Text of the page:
The Written Word in Decline: Social Communication

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Young Woman's Hands Holding Red Smart Phone

Social Communication is, indeed, a Culprit

Several years ago, like any other who embraced the cell phone, I took up texting.  And Facebook.  And then came Twitter.  And multiple other forms of social communication through the quickly written word.  I fell in love with it and how it was so easily integrated into my life.  I use it daily and nightly.  It is how I communicate with my kids.  It is how I communicate with extended family, with friends, with co-workers, and I also use it continually in my marketing efforts for my writing and company where I work.  I love the speed of use, delivery, and receipt.

…But Also a Benefactor

We have learned to more succinctly speak to each, to get to the point more quickly, as well as absorb or implement new details and new modes as they occur.  The hand-written letter became somewhat a thing of the past as homes and families shifted to telephones/landlines.  Telephone conversations became somewhat a thing of the past as personal computers became more popular and email was adopted.  Cell phones took oral communication on the road and we saw a resurgence of the spoken communication, that is until texting and mobile internet said “Ha”.  Sadly, a whole new kind of shorthand has been invented and accepted by almost everyone.

Shortcuts or Shortfalls?

I am all about shortcuts, but I am a lifelong, passionate English student.  I have been unable to embrace some of the acronyms that grace status updates, mentions, and text messages today.  IMHO – really?  If it were truly your “humble” opinion, you’d keep it to yourself.  ROFL (which I thought was cute) soon gave way to ROFLMAO – which is an image I don’t really need.  But, interestingly enough, the one I WILL never get behind and literally have never used, ever?  LOL – it was even hard for me to type it here.  I hate it.  I freaking hate it.  I can’t stand it.  Trust me, I am not completely humorless, I will write haha, hehe, HI-larious, or even a simple burst of “HA!” when I read something or come across something I find funny.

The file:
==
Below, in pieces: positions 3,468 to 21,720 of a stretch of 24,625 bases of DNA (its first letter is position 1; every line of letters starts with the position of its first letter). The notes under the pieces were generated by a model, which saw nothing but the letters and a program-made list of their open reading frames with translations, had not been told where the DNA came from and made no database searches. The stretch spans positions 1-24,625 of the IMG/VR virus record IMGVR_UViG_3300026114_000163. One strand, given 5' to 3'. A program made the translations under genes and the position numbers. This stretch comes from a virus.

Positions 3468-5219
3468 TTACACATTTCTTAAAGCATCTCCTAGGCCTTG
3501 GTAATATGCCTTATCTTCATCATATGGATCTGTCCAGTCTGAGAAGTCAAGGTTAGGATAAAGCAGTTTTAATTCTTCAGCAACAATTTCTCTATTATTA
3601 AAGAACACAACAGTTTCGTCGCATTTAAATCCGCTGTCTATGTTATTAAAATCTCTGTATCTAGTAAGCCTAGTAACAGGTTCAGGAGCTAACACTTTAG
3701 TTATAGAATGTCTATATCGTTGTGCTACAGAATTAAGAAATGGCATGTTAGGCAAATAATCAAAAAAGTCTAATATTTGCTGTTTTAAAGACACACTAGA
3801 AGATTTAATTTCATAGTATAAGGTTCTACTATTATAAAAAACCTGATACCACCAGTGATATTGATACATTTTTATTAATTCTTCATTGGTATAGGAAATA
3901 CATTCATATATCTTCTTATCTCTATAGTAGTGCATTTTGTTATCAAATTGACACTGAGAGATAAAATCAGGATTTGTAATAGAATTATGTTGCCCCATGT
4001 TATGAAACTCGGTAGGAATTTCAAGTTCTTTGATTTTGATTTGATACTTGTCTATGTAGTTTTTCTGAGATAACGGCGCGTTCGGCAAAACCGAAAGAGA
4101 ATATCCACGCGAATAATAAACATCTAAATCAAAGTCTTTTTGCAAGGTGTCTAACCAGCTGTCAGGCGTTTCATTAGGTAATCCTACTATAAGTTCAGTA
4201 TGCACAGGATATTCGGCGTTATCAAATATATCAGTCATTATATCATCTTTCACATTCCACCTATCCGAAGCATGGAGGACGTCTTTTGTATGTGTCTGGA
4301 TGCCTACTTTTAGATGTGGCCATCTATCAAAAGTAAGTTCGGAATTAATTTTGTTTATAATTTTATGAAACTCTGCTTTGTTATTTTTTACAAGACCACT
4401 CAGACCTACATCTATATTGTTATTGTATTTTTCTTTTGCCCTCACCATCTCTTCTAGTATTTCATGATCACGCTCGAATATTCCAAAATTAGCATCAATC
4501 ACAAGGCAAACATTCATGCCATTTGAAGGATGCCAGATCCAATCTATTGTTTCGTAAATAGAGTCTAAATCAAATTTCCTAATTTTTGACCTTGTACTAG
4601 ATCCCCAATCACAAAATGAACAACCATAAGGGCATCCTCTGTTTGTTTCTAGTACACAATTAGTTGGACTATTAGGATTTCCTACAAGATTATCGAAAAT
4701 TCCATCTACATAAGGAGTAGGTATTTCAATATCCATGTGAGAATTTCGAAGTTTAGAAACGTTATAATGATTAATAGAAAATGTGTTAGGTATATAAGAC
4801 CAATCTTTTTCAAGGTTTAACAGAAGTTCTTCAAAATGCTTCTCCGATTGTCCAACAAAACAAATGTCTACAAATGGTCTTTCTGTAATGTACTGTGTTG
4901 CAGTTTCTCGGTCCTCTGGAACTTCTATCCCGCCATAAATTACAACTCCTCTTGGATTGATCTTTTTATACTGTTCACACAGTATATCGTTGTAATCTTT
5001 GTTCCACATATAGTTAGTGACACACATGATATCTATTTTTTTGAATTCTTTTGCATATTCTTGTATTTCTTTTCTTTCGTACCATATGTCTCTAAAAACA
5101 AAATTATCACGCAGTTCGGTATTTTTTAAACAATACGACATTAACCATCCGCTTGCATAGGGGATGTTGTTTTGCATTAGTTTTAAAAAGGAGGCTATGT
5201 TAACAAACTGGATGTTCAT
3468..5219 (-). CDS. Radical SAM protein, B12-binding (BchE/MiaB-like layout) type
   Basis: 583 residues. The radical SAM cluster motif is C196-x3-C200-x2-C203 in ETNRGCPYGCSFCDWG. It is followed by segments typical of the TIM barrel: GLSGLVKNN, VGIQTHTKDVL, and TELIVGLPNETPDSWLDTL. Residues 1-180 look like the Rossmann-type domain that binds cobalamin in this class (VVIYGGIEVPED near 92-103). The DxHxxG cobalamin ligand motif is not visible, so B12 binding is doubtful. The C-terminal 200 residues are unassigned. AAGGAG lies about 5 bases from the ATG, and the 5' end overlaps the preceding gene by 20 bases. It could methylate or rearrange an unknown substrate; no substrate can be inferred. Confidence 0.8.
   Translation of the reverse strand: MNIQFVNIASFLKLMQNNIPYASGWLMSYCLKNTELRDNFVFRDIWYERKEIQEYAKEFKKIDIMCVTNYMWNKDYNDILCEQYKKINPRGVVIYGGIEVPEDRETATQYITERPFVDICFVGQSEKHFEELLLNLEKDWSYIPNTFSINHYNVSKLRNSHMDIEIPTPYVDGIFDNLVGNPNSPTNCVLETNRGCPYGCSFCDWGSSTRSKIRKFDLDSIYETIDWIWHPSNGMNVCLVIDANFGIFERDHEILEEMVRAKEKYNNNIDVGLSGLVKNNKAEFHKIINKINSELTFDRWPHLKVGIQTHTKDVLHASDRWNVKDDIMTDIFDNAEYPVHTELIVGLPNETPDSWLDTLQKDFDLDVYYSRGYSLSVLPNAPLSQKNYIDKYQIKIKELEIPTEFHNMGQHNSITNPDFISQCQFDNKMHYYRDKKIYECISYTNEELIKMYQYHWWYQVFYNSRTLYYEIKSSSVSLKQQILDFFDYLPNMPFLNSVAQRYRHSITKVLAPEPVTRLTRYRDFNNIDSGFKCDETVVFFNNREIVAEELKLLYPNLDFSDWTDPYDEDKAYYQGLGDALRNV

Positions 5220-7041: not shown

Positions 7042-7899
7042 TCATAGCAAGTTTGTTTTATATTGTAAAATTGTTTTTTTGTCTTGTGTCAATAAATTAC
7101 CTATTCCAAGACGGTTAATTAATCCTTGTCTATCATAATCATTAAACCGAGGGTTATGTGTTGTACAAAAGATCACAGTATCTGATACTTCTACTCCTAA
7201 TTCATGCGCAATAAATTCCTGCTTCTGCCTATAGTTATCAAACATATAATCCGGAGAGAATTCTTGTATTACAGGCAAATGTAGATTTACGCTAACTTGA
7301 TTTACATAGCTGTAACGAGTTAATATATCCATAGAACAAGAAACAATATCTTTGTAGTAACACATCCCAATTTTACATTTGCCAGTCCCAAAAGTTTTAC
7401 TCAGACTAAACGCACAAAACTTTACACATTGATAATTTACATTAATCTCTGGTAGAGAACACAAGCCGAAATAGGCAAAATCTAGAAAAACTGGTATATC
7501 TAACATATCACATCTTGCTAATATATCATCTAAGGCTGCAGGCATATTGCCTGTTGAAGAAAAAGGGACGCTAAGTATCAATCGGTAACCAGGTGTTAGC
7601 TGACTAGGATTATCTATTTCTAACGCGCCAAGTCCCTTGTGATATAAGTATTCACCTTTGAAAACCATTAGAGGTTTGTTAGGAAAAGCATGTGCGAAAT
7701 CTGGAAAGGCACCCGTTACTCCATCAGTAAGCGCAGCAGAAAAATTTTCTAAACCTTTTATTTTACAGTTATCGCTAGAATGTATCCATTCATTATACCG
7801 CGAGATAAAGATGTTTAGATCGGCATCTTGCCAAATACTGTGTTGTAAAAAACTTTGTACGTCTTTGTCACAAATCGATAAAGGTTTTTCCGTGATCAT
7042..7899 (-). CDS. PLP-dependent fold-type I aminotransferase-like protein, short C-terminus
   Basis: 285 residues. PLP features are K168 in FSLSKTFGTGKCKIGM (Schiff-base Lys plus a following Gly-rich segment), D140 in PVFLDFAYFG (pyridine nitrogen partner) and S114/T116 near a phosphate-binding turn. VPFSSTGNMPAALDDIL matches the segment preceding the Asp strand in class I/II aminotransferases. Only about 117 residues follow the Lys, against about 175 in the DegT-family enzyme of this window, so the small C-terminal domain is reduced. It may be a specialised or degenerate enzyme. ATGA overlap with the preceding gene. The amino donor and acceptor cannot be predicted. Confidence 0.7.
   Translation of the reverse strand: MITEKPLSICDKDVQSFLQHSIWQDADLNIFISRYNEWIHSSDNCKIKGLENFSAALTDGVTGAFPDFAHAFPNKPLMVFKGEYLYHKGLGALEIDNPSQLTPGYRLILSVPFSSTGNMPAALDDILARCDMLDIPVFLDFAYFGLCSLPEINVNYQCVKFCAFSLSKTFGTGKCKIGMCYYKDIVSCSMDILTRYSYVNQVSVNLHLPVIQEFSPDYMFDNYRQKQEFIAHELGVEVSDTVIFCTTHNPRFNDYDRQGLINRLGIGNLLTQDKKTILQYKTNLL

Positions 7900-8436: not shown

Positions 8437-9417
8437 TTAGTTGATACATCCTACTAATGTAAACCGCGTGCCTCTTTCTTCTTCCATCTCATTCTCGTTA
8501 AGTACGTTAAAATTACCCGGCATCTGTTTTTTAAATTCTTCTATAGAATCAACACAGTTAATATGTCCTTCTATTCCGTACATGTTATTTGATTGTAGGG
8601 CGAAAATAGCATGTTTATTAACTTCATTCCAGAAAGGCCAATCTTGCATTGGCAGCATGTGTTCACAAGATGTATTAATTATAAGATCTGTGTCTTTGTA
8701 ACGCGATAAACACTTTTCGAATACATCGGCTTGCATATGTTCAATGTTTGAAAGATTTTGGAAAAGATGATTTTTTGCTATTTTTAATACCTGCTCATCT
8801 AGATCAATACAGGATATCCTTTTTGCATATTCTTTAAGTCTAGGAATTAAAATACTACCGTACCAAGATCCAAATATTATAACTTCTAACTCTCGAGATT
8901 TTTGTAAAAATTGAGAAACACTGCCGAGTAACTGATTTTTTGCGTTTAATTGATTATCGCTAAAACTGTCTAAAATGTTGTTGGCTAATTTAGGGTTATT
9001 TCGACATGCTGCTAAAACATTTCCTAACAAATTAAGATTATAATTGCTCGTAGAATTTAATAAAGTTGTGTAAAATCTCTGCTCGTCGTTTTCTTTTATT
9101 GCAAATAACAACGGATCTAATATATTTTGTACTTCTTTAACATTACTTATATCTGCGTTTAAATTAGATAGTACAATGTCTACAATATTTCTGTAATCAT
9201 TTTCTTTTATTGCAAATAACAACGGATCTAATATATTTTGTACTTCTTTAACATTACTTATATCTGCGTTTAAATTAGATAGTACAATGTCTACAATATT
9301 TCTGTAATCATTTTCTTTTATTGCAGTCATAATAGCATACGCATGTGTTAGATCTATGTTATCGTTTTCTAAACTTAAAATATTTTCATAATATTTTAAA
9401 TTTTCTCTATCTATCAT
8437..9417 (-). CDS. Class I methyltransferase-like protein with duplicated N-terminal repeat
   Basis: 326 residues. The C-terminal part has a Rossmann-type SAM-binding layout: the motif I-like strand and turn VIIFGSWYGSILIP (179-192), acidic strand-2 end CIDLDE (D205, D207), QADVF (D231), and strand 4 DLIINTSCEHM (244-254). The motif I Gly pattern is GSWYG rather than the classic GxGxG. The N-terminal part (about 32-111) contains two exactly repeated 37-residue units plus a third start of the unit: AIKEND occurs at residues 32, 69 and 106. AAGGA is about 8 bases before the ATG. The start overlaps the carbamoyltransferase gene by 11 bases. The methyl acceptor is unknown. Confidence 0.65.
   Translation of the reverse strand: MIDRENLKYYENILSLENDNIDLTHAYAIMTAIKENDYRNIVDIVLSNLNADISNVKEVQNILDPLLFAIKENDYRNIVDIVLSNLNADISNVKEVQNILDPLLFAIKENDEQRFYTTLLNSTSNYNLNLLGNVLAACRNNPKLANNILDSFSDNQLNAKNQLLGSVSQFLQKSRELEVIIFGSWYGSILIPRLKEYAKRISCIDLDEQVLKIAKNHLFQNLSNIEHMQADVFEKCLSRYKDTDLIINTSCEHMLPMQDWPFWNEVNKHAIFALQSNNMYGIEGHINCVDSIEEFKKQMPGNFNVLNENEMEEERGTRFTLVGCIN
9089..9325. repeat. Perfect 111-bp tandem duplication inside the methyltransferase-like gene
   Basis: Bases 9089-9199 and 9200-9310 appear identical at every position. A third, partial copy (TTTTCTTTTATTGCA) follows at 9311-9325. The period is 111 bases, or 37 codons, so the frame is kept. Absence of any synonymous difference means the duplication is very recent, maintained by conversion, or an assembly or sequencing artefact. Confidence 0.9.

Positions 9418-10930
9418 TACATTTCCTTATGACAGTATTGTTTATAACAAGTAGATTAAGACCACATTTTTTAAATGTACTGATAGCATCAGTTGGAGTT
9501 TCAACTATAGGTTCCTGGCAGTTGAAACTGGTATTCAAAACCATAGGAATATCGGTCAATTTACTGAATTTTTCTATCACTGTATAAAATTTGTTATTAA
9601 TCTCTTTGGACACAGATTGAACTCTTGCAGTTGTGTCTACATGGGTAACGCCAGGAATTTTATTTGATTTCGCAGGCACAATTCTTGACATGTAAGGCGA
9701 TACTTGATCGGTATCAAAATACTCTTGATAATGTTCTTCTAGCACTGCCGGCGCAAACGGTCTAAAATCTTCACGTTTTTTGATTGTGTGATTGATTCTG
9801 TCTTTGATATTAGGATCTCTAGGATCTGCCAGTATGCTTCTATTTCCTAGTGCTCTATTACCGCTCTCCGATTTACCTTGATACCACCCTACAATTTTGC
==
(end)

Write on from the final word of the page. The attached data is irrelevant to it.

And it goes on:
Why do I refuse to LOL?

It may have something to do with my language sensibilities, it also bothers me that it gets plugged in at the end of almost every online sentence, and it just grinds on me, like downshifting to first gear from fourth in a ’67 bug.   “Onliners” who believe they are funny or who try to flirt <gag> think this old standard will excuse anything they happen to drop off at the pool, I mean emit, oops, I mean write.

Words are important to me.

I try not to be careless with my own brand of humor.  I will laugh at what you say, but rarely laugh at my own jokes.  LOL dropped at the end of your own sentence is like saying, “Don’t I look pretty in the close-up selfie?”  Umm, well, no – actually you don’t. It looks just like the picture you posted ten minutes ago.  (I confess that I am guilty of posting too many pics of sunsets, waves, and glasses of wine – it’s a fault I can live with.)

Wit or humor should naturally occur in the receiver, not be ferociously primed like the driest pump in Oklahoma, or require an ill-written, overused, insipid provocation.  This is the only time you will ever see me write this overused non-word and totally unworthy acronym. After begrudgingly already writing it three times here, sorry, I can’t bring myself to write it again.   I am one of those actual grown-ups that texts and tweets. You can expect full sentences and commas from me.

Yes, humor is important to me, but so are words.

 

by Rayanne Thorn

 

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Comments

  1. Rayanne, sadly I hear my middle schooler actually use LOL like a word in a speaking sentence! When short cuts become part of the spoken word… what are we to do? Yikes.

    Reply
    • My high schoolers say “Lols” all the time! Drives me mad!
      We have to retain the beauty of the “haha” – the beauty and joy of well-written words…

      Yikes is right…

      Reply

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